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Tag: legal workplace

|September 19, 2014|One Comment

Humans make quick decisions. We react reflexively to strange, threatening, and potentially life-threatening situations. It’s part of how we survive. Less dramatically but more frequently, we have routine interactions where we meet someone and later realize we’d gotten a “good” or “bad” impression about that person. Maybe this “feeling” translated into an instant like or dislike, all based on an encounter that lasted only a few seconds. But they can

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|May 7, 2014|2 Comments

There are many ways that leaders and co-workers can detract from the performance of those around them. They can be purposely mean spirited, sexually or racially offensive, or downright cruel. While it’s hard for most of us to fathom, for some people, demeaning others brings satisfaction or a sense of superiority. But that’s not always what motivates abusive behavior.

For self-styled, high-performing perfectionists, special pressures may arise when they have …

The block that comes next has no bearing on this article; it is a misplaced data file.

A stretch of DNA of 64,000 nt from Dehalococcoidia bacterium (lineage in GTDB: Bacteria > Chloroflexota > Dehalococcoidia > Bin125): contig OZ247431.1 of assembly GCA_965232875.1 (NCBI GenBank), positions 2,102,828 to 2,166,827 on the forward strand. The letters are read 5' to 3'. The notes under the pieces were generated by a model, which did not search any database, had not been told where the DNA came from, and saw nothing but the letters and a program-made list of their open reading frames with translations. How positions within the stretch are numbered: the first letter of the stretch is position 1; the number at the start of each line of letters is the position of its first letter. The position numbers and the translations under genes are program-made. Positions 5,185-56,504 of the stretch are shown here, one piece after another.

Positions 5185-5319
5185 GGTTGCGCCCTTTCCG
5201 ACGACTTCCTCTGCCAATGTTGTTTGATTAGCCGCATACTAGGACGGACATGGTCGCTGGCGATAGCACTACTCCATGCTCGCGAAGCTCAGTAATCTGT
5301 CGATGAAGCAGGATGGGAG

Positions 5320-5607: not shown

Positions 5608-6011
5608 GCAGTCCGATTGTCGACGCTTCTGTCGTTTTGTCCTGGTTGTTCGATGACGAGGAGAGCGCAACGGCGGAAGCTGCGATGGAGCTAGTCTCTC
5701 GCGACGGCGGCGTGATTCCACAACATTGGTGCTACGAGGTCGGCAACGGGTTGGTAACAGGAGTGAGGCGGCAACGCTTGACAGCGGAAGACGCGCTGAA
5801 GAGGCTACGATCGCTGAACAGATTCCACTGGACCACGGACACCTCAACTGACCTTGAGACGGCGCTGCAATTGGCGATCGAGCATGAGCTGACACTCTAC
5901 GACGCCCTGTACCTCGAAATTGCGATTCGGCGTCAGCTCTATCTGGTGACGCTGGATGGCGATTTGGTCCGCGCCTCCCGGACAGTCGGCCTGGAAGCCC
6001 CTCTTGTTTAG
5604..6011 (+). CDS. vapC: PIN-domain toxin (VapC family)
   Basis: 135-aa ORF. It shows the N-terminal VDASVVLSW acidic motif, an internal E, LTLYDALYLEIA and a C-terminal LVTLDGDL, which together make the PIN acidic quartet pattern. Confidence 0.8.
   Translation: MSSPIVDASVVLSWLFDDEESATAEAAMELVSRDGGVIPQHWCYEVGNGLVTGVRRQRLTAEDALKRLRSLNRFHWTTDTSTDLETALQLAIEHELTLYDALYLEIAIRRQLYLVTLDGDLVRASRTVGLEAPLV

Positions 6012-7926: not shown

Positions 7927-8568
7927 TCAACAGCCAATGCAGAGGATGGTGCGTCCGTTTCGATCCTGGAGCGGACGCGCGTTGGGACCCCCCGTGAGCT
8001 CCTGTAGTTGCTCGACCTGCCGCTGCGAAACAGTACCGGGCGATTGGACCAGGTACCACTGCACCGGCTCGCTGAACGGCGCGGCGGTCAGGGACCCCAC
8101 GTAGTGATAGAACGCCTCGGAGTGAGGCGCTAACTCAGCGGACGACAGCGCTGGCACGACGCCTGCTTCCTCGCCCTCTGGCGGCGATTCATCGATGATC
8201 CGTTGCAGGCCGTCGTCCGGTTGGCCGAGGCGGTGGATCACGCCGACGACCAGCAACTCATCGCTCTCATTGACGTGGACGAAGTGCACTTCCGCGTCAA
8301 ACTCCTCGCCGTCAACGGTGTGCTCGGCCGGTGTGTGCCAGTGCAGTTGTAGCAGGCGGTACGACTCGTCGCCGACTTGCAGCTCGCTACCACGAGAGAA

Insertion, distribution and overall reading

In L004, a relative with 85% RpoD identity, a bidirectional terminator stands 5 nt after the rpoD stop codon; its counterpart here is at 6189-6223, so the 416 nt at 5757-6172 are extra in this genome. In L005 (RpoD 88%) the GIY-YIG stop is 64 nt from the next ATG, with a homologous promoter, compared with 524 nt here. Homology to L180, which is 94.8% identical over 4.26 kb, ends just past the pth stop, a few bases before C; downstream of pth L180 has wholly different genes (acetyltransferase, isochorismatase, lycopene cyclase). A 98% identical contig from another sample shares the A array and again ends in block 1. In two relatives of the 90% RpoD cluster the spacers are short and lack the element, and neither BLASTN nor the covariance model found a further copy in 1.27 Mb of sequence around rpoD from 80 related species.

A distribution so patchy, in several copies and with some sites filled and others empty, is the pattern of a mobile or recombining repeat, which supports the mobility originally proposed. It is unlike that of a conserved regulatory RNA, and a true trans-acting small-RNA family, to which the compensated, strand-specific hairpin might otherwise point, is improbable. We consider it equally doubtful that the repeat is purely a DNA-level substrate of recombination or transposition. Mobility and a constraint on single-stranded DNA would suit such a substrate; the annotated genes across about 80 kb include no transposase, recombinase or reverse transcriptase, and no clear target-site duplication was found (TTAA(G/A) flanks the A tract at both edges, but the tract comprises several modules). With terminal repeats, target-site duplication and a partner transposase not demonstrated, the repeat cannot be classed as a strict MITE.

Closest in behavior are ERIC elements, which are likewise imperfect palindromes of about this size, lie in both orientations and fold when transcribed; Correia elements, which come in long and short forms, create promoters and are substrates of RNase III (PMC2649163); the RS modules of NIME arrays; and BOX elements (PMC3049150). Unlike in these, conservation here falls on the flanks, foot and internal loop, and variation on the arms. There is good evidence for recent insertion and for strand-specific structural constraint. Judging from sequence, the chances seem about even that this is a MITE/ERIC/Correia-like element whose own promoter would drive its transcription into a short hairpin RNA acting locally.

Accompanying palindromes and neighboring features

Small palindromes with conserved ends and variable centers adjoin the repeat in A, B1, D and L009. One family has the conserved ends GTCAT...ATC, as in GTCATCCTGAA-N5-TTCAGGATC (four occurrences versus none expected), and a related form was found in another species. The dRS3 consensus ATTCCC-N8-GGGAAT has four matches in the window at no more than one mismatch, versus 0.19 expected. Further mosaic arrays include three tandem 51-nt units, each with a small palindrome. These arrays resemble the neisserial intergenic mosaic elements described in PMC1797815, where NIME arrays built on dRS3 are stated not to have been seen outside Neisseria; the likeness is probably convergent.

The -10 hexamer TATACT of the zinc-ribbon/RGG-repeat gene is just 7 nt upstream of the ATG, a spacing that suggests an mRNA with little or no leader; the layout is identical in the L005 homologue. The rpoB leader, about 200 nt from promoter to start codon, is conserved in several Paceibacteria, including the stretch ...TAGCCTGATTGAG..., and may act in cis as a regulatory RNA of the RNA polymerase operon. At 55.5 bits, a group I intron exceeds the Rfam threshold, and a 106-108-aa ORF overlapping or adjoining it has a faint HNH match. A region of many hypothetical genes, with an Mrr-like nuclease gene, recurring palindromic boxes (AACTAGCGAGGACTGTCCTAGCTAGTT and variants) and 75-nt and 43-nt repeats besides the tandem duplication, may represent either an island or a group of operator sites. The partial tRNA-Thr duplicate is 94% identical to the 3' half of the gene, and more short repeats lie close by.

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|August 29, 2013|No Comments

Don’t worry, the first, four-letter word a child learns is likely not the one you are thinking. It’s “FAIR.”

We understand from early childhood the difference between more or less, better or worse. I was reminded of this recently by one of our clients who challenged leaders in her company to consider ways in which they demonstrate their commitment to treating employees fairly. “When my son was as young as …

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|August 26, 2013|No Comments

Colors mean a lot in our workplaces. They can symbolize issues, groups, and messages. Think of black, white, pink, red, and green, and, more than likely, several associations will quickly come to mind. Green means “go” or “money” or “environmentally conscious.” Most color associations are fairly easy to come up with. The color, grey, however, can be a bit more challenging. It stands for ambiguity.  Dealing with uncertainty, particularly when …

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|June 25, 2013|No Comments

The New York Times Test is mentioned often in the context of corporate misbehavior. It basically says that you can decide whether or not you should do something by considering whether or not you’d want it (and your name) to appear in an article on the front page of the New York Times.

At first it sounds like a practical, useful standard. Well, it’s clever, but that’s about it. If …

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